SKC: “The same woman from the previous song reemerges here. The difference is that unspoken conflicts and misunderstandings now prevail. I had already made a demo of the full track in my tiny studio in the Scheldestraat in South Antwerp. By pressing the wrong button, I had accidentally erased everything. This means I had to start over, leading to a few new additions. This explains why the song is a bit like an epic.”

‘My Bond With You & Your Planet: DISCO!' (disc 1, track 7 + ghost track 16) 

SKC: “I wrote this song on a 4-track in Brussels with a bass borrowed from a friend and an old Roland drum machine. I simply babbled some phonetic English over it. When producer Malcolm Burn and the band started working on the track, it evolved into the burst of astonishing energy it is now. Crafted around a simple bass riff and a rickety upright piano, flavoured with eighties synthesizers and delay guitar. It's an ode to a universal language: groove, swing and disco! As far as I know, the remix of the track is one of the first remixes ever made by the brothers Dewaele (Soulwax, 2 Many DJs).”

‘Fun for Free' (disc 1, track 8)

SKC: “Now I felt like it was time to make a highly produced record, with a very tight sound. We took a mobile studio to Jan Fabre's Troubleyn Theatre and created two setups: one to record the songs and another, a demo studio, to come up with new material. It was the perfect way of working: I didn't have to wait, bored, until the other musicians were ready with a take or an edit, instead being able to use that time to create new material. ‘Fun for Free', an angry letter to someone I worked with at the time, was immediately ‘processed' by the band after I wrote it. That is probably why it sounds so fresh and why the arrangement is so well-balanced: everyone played spontaneously, without thinking too much.”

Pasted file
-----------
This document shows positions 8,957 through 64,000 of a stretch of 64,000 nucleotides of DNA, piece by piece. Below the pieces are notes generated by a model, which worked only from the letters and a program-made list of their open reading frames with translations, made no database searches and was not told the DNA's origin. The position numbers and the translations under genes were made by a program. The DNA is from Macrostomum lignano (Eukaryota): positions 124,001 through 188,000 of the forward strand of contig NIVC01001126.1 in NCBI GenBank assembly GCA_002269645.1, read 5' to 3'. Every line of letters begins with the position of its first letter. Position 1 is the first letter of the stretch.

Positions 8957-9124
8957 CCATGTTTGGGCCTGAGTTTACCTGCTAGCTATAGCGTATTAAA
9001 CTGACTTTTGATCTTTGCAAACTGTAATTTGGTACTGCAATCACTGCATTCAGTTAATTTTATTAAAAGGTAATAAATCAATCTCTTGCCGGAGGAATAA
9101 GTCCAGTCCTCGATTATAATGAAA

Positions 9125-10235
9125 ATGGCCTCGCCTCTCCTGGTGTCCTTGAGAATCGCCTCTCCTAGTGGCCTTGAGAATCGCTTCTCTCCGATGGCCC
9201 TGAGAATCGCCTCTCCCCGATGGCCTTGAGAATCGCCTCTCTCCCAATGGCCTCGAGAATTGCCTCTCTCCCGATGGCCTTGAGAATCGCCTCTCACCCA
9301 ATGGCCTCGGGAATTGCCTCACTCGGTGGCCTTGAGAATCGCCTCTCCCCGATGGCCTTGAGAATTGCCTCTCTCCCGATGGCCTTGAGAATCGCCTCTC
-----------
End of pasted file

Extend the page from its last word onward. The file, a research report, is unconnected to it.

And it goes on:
‘Hot, Hotter, Hottest' (disc 1, track 9)

SKC: “This song is the result of my admiration for eighties funk artists like Robert Palmer, Grace Jones and Flash and the Pan. It's a melancholy story of a deceived lover in the mysterious Antwerp night, set to a pumping bass and blaring horns.”

‘People Are Like Slamming Doors' (disc 1, track 10)

SKC: “Originally featured on Life = A Sexy Sanctuary, but this version, which was recorded during a TMF session in the Brussels Jet Studio, is so much better. The band's performance was super tight: this was the playing level I had dreamt of for years.

‘Thinking About You All the Time' (disc 1, track 12)

‘Thinking About You All the Time' (disc 2, track 10)